Protests fall on deaf ears in Belgrade

More angry, more noisy and more frustrated than ever, pro-democracy demonstrators began a fourth week of street protests in Belgrade yesterday, struggling to find a way of extracting concessions from Serbia's master of political conjuring tricks, President Slobodan Milosevic.

Impatient at their lack of progress but resolved not to resort to violence, thousands of students and other supporters of the Zajedno (Together) opposition movement gave vent to their disgust as they denounced the latest refusal of the Socialist authorities to recognise opposition victories in last month's municipal elections.

"[Milosevic] is playing tricks on the Serbian people, just as he has been doing for the last six or seven years," said Dragan Presic, an opposition supporter.

Belgrade students turned out in extra numbers to express outrage at police treatment of Dejan Bulatovic, a student demonstrator who was arrested after displaying an effigy of Mr Milosevic in prison clothes. "He was given the worst Gestapo treatment. His nose was broken, he was beaten on the chest, head and stomach, and he was given help only after he fainted," student leaders said.

Despite 22 days of anti-government demonstrations on a scale unseen in Serbia since 1945, Mr Milosevic seems confident he can outwit the opposition and ignore rising criticism from the West. A rare insight into his attitude to the opposition was provided by Kati Marton, an American campaigner for media freedoms who met the President last weekend.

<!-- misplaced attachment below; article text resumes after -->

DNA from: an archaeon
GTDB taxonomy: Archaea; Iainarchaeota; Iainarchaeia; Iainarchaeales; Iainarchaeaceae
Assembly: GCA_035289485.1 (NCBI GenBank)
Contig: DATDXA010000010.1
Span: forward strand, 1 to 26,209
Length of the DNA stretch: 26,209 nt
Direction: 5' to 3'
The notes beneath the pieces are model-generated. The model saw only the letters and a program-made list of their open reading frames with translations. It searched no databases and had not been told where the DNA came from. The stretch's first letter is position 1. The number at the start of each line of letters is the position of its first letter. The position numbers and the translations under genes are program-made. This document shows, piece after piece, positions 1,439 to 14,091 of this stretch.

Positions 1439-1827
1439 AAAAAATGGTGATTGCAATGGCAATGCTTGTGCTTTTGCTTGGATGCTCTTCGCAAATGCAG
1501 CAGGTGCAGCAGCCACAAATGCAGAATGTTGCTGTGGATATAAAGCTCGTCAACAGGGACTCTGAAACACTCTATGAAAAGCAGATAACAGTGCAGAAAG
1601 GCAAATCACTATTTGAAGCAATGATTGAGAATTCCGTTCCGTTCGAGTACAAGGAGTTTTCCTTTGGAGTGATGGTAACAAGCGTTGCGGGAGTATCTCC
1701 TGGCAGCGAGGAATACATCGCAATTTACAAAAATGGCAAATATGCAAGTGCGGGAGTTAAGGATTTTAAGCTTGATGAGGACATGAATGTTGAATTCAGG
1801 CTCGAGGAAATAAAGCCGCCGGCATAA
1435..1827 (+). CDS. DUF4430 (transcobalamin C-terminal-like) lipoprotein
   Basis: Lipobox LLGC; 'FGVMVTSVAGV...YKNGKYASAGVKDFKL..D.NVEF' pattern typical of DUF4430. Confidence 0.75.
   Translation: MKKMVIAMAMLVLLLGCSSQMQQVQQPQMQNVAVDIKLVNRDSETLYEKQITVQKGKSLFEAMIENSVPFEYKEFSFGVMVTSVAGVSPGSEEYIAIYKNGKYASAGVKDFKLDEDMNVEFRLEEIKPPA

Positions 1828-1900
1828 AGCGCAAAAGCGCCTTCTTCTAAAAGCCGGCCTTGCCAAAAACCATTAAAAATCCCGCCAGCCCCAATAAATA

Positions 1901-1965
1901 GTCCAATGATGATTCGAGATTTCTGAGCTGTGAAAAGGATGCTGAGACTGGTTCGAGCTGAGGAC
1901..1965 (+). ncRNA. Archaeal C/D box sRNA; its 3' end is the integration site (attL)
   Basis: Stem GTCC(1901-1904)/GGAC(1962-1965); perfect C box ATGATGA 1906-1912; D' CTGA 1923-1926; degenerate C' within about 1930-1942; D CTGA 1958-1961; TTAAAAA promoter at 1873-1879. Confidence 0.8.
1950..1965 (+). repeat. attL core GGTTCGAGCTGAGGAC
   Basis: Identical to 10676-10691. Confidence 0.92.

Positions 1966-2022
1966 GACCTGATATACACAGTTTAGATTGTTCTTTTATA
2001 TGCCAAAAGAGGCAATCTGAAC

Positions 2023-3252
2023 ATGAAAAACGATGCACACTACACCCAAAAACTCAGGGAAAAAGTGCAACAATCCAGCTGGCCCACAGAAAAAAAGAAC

Ms Marton, the wife of Richard Holbrooke, who brokered last year's peace deal in Bosnia, said she had asked Mr Milosevic to sign a manifesto promising to end the government's abuses of media liberties. "I handed him that manifesto, which he proceeded to tear up," she said. "I don't think he's in a mood to give up, not at all."

Most rural areas have been kept in the dark about the crisis thanks to the government's control of television. A few people who arrived in Belgrade yesterday said they were astonished to see thousands of marchers.

Only two cities, Novi Sad in northern Serbia and Nis in the south, have experienced similar unrest. Demonstrators in Nis, for years a Socialist stronghold,hurled a television from the top of a building to symbolise their contempt for the official media.

The opposition still hopes that with the help of Western pressure and continuing protests in Belgrade, they may win control of the capital's municipal council. Even the Serbian Supreme Court's decision to award the local elections to the Socialists is subject to appeal at federal level in rump Yugoslavia.

n Zagreb (AP) - The Croatian President, Franjo Tudjman, awarded a medal at the weekend to General Tihomir Blaskic, a Bosnian Croat indicted as a war-crimes suspect, a Bosnian Croat spokesman said yesterday. The general is in custody awaiting trial in The Hague over the massacre of Muslims by Croat troops under his command.